Confronting the Confusion Embedded in Neuromancer

Posted by on September 28, 2011 
Filed under ENGH 451-Science Fiction

After finishing chapters seven through twelve of Neuromancer, I feel that I have a firm understanding of the narrative. I understand Neuromancer’s plot structure as well as its characters’ relationships and conflicts with each other and themselves. However, it is the intricacies of the narrative that continually trouble me.

Throughout my reading of this text, I began to see a pattern of Gibson casually referencing organizations, slang, or cultural trends as if they do not carry too much weight in the overall plot structure. In other words, Gibson passively introduces societal qualities as if they are just a means of pushing the plot forward when, in actuality, these qualities are extremely significant to the reader understanding future action in the narrative. Often times, these references come in the form of single words within the text such as, “Macau” and “Turing.”

Let’s start with “Macau.” “Macau” is first referenced by Molly on page 82 when she tells Case about her travels with Armitage preceding her tailing Case in Night City, “We were in L.A. He came in and said Pack [sic], we were booked for Macau . When we got there, I played fantan in the Lisboa and he crossed over into Zhongshan. Next day I was playing ghost with you in Night City.” This passage, on the surface, appears to be a passing reference to “Macau” that is meant to inform the reader of Molly’s travels before formally meeting Case. However, after reading further, “Macau” is referenced again, only it is now spelled “Macao,” “Case fastened the virus cassette to the side of the Hosaka with a length of silver tape, remembering Molly’s story of her day in Macao. Armitage had crossed the border into Zhongshan” (126-127).  I became confused after reading this passage. I thought I had overlooked something significant in the text as I searched for the previous reference to “Macao.” I ended up having to Google “neuromancer macao” because Amazon’s “Look Inside This Book” feature only listed the reference on page 127. I ended up tracking the reference down only to discover the first breezy reference to “Macao” was spelled “Macau” on page 82. Now I was thoroughly confused because neither Case’s reference nor Molly’s reference to “Macau/Macao” seemed to have any bearing on the story, yet Gibson seemed to want me to believe that significance existed. After much thought and analysis of these two references, I came to the conclusion that “Macau/Macao” was referenced twice because it brought to light that Armitage bought the virus program in China, but I still have yet to figure out why “Macau/Macao” is spelled two different ways within the text.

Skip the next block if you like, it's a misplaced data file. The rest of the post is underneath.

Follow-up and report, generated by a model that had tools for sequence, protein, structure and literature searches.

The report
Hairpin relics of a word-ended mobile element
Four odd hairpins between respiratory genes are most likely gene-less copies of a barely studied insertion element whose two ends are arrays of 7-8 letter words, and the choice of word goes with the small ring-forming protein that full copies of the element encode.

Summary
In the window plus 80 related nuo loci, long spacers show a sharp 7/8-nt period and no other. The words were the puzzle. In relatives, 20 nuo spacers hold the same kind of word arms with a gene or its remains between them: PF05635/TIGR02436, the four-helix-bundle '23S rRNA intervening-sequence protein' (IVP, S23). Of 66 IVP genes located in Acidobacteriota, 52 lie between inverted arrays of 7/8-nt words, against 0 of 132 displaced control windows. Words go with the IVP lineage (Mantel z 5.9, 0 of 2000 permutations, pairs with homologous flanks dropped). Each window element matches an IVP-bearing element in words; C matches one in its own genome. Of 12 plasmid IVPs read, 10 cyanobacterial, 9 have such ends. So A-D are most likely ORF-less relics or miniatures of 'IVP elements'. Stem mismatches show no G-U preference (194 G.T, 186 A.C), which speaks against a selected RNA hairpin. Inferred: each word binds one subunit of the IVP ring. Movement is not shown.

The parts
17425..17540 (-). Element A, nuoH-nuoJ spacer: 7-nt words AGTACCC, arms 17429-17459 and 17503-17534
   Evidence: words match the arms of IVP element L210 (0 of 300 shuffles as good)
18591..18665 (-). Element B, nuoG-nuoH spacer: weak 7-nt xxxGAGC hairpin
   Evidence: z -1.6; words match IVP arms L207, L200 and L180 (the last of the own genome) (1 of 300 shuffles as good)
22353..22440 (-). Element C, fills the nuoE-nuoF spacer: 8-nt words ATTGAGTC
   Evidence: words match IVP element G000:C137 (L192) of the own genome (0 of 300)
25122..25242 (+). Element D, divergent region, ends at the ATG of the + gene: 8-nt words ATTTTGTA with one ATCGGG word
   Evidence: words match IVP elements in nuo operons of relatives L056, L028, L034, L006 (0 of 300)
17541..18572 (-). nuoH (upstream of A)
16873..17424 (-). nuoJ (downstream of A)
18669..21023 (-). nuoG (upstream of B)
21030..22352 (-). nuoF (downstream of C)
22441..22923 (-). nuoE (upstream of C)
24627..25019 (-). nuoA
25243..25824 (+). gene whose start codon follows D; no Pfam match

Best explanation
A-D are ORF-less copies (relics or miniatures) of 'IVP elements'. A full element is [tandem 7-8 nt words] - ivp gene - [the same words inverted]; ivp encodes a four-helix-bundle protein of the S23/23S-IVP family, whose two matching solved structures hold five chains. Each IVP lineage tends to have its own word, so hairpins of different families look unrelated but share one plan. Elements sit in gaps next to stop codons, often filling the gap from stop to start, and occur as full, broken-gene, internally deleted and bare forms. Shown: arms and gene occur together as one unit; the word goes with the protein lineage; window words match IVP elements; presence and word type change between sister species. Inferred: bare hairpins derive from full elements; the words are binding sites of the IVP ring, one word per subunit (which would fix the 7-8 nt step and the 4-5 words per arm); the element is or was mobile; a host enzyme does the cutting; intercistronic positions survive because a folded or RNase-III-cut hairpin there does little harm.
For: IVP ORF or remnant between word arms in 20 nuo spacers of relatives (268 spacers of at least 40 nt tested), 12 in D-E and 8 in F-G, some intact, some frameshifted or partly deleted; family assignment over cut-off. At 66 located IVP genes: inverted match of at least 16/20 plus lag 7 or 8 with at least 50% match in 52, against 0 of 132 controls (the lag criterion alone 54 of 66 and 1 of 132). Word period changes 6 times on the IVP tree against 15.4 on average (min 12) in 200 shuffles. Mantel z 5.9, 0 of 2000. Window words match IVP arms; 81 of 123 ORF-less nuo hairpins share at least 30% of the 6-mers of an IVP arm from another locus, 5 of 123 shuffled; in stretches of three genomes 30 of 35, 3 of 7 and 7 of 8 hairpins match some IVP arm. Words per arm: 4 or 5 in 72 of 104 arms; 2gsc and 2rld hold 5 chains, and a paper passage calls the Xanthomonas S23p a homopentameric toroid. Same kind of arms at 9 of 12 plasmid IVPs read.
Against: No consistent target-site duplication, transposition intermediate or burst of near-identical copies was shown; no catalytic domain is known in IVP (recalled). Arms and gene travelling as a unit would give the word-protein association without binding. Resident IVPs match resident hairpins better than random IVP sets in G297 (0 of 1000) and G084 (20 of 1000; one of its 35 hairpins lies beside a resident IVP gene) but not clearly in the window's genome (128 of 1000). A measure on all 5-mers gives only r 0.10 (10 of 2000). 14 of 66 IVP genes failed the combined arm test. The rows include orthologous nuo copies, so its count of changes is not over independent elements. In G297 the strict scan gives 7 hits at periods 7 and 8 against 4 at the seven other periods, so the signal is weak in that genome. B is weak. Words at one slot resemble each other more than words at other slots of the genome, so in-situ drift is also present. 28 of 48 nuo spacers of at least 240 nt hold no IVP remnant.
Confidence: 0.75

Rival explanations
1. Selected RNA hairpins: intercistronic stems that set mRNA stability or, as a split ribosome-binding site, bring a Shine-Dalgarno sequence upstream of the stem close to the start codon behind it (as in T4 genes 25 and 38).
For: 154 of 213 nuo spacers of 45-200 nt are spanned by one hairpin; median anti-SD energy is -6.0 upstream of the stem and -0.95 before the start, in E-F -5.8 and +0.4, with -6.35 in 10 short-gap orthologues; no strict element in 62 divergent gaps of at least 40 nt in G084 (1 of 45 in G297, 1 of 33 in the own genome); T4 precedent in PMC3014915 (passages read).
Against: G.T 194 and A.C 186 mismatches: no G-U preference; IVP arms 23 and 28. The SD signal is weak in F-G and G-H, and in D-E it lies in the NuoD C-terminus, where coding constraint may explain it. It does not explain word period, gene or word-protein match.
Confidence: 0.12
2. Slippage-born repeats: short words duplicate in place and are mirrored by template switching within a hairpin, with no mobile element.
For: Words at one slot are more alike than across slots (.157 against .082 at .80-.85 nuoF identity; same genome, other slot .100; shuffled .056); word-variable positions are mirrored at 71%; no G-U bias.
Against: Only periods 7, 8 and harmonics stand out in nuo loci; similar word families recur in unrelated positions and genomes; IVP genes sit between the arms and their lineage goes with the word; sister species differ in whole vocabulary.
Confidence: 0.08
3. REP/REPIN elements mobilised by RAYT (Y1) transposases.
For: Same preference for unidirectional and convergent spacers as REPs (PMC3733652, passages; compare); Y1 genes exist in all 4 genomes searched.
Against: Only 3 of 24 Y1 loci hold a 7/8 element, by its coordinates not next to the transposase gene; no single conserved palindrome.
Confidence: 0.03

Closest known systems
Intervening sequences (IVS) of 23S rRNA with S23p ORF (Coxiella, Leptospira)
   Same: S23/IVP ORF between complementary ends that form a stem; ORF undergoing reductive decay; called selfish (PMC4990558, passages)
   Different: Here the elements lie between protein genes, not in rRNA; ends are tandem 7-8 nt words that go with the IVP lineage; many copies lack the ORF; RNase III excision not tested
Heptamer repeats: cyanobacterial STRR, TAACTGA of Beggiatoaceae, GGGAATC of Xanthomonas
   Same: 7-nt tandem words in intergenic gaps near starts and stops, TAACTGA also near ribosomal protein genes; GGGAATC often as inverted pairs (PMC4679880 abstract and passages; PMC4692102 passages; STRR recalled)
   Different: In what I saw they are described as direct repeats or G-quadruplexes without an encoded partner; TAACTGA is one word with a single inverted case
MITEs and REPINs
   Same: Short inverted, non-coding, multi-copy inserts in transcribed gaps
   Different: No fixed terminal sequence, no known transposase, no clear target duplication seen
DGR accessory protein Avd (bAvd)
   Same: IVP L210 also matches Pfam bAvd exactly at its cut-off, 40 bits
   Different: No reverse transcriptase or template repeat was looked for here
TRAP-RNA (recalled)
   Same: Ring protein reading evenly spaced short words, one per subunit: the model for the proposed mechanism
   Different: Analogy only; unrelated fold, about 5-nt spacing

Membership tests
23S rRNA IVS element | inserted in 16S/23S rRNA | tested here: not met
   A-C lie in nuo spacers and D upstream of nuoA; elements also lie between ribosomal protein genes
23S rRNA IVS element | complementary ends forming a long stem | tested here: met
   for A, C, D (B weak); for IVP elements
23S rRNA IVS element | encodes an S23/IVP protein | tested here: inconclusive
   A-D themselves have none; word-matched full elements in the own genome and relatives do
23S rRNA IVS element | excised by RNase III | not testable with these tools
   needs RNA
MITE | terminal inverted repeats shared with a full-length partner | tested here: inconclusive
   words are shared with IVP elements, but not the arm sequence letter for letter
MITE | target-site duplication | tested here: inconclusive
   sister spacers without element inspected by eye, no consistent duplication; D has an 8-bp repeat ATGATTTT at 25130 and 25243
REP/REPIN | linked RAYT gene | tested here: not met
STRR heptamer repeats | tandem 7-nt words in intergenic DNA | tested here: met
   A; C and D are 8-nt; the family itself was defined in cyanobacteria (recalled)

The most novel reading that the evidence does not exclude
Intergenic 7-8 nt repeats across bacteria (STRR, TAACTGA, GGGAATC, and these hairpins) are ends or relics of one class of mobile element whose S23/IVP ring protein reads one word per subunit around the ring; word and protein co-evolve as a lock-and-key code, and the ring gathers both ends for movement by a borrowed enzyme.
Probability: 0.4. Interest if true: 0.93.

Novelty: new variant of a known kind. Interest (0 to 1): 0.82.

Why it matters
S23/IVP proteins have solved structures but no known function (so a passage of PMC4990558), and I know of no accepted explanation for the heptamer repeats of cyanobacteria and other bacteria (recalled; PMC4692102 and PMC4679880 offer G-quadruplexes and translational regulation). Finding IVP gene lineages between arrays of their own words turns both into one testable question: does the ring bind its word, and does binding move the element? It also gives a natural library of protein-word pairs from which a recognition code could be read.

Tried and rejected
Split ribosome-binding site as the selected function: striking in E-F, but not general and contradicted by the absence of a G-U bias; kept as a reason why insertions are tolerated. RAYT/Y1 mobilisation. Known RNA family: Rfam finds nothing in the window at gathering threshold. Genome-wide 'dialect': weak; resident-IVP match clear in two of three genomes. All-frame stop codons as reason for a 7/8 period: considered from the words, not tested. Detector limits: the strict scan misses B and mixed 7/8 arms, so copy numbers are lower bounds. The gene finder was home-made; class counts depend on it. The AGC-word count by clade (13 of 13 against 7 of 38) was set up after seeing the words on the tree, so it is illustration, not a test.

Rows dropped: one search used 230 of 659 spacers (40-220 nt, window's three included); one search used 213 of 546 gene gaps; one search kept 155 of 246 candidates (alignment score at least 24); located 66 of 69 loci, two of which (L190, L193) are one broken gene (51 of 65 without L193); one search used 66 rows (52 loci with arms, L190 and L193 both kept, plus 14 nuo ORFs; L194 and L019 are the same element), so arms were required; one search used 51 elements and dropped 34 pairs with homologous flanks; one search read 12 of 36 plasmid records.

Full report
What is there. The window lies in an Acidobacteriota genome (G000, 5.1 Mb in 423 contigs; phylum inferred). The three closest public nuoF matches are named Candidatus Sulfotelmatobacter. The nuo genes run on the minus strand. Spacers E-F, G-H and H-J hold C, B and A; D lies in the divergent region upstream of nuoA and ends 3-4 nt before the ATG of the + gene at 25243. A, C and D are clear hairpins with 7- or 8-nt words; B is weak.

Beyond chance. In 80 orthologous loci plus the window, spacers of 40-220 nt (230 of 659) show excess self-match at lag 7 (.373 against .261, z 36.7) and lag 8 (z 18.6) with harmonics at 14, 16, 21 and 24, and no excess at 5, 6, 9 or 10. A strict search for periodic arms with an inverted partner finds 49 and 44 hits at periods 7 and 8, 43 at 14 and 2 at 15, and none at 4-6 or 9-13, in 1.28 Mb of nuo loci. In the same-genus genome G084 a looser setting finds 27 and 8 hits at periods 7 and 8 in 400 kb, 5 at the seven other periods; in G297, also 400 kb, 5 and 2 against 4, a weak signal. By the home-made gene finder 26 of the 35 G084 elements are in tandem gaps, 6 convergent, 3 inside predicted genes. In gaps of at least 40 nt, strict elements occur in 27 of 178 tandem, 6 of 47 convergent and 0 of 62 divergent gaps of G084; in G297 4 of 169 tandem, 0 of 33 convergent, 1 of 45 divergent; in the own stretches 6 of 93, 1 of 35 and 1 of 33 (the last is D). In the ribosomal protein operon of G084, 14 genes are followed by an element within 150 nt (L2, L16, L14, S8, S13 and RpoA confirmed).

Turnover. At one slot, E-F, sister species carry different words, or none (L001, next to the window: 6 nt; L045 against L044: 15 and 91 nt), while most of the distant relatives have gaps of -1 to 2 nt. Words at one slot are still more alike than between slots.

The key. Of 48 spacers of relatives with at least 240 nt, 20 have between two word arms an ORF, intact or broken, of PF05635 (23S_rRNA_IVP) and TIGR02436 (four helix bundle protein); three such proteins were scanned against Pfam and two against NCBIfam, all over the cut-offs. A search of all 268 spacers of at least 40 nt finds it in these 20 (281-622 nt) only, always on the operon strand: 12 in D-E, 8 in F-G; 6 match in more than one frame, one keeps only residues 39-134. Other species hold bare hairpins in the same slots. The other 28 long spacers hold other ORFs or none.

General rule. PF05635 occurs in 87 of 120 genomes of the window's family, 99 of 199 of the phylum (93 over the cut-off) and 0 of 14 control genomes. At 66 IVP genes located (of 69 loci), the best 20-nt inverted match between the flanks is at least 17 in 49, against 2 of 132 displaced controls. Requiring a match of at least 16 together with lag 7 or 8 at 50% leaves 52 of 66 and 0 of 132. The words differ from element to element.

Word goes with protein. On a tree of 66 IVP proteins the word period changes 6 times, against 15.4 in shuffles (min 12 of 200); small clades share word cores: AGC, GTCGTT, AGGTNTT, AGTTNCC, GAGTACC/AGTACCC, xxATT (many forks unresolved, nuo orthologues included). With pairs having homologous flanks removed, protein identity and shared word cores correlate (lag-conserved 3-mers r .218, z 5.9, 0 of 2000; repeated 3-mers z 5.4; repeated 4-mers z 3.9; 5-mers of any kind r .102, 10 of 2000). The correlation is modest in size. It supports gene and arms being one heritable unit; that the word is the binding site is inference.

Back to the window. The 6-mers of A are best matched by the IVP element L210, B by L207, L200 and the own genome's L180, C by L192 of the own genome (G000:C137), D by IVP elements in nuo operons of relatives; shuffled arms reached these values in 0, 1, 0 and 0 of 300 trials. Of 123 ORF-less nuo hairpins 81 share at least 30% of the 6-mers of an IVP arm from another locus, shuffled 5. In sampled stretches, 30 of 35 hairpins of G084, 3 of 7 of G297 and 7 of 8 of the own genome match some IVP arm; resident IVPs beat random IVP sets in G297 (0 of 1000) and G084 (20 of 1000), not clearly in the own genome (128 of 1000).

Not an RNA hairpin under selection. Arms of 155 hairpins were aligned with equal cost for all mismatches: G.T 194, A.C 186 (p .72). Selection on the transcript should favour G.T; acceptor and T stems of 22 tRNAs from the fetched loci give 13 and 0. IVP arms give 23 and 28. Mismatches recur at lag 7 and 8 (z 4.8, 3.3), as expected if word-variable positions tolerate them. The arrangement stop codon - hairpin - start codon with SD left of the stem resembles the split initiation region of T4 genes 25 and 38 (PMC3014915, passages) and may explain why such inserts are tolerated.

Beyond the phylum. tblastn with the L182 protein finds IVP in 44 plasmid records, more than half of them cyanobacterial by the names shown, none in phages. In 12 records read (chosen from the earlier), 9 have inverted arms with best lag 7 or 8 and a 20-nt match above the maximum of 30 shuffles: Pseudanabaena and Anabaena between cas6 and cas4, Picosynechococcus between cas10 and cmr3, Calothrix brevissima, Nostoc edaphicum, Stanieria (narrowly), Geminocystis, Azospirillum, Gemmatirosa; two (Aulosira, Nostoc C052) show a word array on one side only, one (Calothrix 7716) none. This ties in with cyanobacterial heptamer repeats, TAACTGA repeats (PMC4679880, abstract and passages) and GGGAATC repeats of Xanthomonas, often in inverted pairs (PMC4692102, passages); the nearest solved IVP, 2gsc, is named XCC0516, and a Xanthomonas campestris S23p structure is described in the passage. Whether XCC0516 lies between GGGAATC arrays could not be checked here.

After semi-solving my dilemma with “Macau/Macao,” I continued reading on without confusion until the last line of chapter twelve when the word “Turing” is used, “ ‘Turing,’ she said. ‘You are under arrest’ ” (150).  The use of “Turing” here confused me because at first, it seemed like the woman was calling Case “Turing,” like he had another alias, but after deliberation I figured “Turing” had to be referenced in other places within the text. After entering “Turing” into the Amazon’s “Look Inside This Book” feature, I figured out that “Turing” are police casually referenced by Case in reference to the regulation of AI, “The real smart ones are as smart as the Turing heat is willing to let ‘em get…And then there’s the Turing cops, and that’s bad  heat” (91). These reference to “Turing” on page 91 seemed passive to me when I first read them because I did not fully understand the context of what Case’s mission was going to entail. So, by the time I read the “Turing” reference on page 150, I had all but extinguished any thought of the word “Turing” in relation to the story.

As a result of experiencing these two dilemmas, I began to ask myself why Gibson, an extremely proficient and elegant writer, would cause such confusion in his work. Was he trying to mimic, through his saturation of information within the text, the confusion of Case’s world of constant stimulation coupled with multiplexed layers of reality? Or, was he forcing the reader to read his text as close as possible at all times because he saw the future as being a world of instant gratification where the little things are overlooked in favor of continually speeding forward from one byte to the next?


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